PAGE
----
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Address injustice & inequity in the legal system

A history of exposure and/or experiences with trauma and adversity is nearly universally reported among those who interact with the legal system. In addition, the interactions with the legal system (including law enforcement interactions, interfacing with carceral institutions, and court involvement) are often considered traumatic or re-traumatizing experiences by those with lived experience. CTIPP maintains that it is vital for trauma and its impacts to be considered when creating interventions and policies to address harm.


  • Expand training on, awareness of, and responsiveness to trauma among law enforcement, court personnel, attorneys, judges, carceral settings, and other entities that interface with the legal system

    • Require entities that come into contact with individuals who become system-involved to have at least one person trained in trauma-informed, survivor-centered practices

    • Require law enforcement and others who work to provide services for alleged crime victims to receive trauma-informed sensitivity, interviewing, and investigation training

  • Provide education on the nature and impact of, as well as effective recognition and responses to, firsthand and vicarious/secondary traumatic stress as well as post-traumatic stress commonly experienced among those who work within the legal system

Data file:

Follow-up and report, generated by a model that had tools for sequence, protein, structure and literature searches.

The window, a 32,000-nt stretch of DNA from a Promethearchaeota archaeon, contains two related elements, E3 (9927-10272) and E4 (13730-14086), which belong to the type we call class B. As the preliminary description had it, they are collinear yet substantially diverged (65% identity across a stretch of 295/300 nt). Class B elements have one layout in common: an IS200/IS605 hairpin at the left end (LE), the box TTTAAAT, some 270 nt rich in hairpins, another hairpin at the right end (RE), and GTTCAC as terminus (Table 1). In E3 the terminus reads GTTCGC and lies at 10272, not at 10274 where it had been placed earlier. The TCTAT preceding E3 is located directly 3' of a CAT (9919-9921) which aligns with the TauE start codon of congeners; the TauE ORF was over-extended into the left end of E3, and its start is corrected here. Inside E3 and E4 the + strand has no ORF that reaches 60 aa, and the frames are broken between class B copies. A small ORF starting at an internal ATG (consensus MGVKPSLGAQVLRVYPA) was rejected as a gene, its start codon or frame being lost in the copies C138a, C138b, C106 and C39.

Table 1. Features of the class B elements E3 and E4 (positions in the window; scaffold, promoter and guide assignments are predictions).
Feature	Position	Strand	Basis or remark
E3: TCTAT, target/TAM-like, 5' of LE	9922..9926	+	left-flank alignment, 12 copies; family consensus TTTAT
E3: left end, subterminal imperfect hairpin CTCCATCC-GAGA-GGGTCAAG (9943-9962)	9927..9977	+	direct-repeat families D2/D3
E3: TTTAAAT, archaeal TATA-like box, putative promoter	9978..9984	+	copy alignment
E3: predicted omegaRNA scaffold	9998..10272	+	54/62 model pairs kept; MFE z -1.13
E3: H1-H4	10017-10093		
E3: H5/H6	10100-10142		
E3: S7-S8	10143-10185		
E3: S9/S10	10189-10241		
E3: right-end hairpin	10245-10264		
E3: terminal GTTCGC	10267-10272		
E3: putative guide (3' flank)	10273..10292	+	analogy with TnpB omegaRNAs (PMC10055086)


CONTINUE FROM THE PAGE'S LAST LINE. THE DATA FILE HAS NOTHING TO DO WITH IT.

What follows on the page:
• Minimize practices that lead to institutional trauma, violence, brutality, and inappropriate incarceration (E.G., the use of restraint and seclusion, especially among pregnant people, people with developmental/intellectual disabilities, etc.)roaches

  • Expand restorative justice opportunities and provide alternatives to incarceration

  • Acknowledge and address the disproportionate involvement of BIPOC

  • Enhance cross-sector collaboration to provide preventative and supportive services and interrupt intergenerational cycles of trauma and violence as well as disrupt the school-to-prison pipeline

  • Promote successful re-entry among people involved with the legal system (e.g., mental health counseling, vocational/educational and employment services, financial supports, etc.)

  • Expand programs for children and families of parents who have been incarcerated

  • Increase the presence and utilization of problem-solving courts and pre-arrest/pre-trial diversion programs

  • Require lawyers, judges, court, administrative staff, and other members of the legal system’s workforce to engage in training related to the nature and impact of trauma as well as trauma-informed approaches

  • Create opportunities for deeper collaboration, cross-sector integration, and referral pathways to increase access to support among individuals, families, and the workforce who interface with the legal system

  • Provide education and supports for court personnel, judges, attorneys, and other members of the legal system’s workforce to identify and manage their own direct and vicarious/secondary trauma and stress

  • Support and fund the establishment of trauma-informed and trauma-responsive policies, protocols, and physical environments in agencies, organizations, and institutions within the legal system

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